Accordingly, we believe that the same policy considerations that underlie the Commission’s Section 28(e) guidance support treating at least some riskless principal transactions in the same manner as agency transactions under Section 17 of the Investment Company Act. We therefore request that the Commission issue interpretive guidance to this effect.
If you have any questions or comments regarding our request, please contact the undersigned at 202/326-5815.
Craig S. Tyle
cc: Paul F. Roye, Director
Division of Investment Management
1 The Investment Company Institute is the national association of the American investment company industry. Its membership includes 9,063 open-end investment companies (“mutual funds”), 485 closed-end investment companies, and 6 sponsors of unit investment trusts. Its mutual fund members have assets of about $6.598 trillion, accounting for approximately 95% of total industry assets, and over 88.6 million individual shareholders.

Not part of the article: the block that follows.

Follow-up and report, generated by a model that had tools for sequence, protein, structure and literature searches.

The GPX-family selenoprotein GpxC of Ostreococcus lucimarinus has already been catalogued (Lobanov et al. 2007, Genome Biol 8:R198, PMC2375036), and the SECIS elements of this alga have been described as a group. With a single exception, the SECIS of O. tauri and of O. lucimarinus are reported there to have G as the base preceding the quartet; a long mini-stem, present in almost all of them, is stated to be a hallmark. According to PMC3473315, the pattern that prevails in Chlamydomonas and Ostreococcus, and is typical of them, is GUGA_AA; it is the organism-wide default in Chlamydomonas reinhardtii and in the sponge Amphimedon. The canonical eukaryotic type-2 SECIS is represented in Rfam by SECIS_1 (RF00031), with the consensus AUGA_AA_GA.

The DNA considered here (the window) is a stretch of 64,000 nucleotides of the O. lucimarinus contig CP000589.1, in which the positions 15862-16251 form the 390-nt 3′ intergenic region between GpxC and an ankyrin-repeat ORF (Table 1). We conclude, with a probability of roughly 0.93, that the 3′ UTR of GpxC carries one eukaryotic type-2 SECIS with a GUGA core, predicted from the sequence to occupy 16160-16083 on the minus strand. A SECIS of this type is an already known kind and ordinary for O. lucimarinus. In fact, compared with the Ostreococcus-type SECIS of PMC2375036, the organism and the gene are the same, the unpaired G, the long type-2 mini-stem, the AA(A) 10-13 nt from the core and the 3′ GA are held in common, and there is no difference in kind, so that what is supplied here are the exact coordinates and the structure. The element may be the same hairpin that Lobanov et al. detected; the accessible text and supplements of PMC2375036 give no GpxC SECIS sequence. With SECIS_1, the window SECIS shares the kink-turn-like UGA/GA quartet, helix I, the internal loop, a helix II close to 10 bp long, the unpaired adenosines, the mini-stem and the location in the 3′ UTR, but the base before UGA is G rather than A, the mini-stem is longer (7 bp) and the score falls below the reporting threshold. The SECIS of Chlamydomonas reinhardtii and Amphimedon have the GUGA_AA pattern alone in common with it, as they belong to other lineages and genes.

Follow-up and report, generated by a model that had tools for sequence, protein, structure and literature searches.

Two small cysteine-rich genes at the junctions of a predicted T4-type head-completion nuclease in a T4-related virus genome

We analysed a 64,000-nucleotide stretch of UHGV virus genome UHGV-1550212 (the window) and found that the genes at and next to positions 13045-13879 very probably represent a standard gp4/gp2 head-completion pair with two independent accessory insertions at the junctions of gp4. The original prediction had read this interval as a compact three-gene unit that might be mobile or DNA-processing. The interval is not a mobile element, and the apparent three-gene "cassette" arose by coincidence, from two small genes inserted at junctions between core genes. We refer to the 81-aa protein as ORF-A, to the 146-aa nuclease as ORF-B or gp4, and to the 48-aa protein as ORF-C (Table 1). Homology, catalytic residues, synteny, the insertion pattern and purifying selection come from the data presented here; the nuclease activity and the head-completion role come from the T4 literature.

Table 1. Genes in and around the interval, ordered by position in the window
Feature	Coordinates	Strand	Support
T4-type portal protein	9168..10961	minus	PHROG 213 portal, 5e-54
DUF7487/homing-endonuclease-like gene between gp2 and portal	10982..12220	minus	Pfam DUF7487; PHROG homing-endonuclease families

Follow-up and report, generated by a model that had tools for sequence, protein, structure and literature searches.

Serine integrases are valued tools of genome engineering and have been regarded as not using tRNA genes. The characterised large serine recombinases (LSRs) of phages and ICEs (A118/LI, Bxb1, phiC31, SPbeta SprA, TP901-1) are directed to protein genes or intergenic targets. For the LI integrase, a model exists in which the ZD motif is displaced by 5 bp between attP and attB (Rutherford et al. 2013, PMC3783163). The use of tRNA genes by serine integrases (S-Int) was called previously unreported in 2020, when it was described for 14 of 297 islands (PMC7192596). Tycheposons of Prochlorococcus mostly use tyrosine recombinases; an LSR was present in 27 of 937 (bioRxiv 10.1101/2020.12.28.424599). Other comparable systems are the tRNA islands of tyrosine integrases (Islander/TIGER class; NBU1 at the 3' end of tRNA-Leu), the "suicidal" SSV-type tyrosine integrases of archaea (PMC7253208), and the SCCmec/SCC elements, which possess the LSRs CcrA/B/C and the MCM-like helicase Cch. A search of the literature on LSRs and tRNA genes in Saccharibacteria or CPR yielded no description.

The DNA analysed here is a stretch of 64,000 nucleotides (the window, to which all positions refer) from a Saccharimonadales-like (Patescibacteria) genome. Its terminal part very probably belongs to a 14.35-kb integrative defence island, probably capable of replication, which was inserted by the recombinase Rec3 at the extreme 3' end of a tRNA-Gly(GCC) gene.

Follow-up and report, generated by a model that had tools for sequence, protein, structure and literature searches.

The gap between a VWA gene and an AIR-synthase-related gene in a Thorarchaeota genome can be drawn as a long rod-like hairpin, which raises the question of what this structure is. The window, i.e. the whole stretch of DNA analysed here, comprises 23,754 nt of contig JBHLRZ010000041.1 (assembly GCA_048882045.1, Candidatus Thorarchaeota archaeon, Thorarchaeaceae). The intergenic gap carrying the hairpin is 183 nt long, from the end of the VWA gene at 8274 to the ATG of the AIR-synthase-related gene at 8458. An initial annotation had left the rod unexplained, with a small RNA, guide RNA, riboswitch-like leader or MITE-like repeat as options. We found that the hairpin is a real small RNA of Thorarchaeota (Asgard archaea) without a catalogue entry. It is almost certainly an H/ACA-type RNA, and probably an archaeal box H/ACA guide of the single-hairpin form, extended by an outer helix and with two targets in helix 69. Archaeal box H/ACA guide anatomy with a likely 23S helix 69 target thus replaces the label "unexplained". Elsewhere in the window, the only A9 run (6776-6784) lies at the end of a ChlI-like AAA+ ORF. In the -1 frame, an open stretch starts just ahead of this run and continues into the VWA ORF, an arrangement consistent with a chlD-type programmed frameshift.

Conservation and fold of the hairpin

2 SEC Release No. 34-45194 (December 27, 2001)
3 Report of Division of Investment Management, SEC, Protecting Investors: A Half Century of Investment Company Regulation (May 1992).
4 See Letter from Craig S. Tyle, General Counsel, ICI, to Paul F. Roye, Director, Division of Investment Management, SEC, dated December 10, 1998; Letter from Paul Schott Stevens, General Counsel, ICI, to Barry P. Barbash, Director, Division of Investment Management, SEC, dated July 19, 1995.
5 Riskless principal transactions in the debt market and other securities that do not have confirmation and reporting requirements that provide sufficient transparency of the execution fees and transaction price are not eligible to rely on the interpretation. See SEC Release No. 34-45194, supra note 2, at n.9.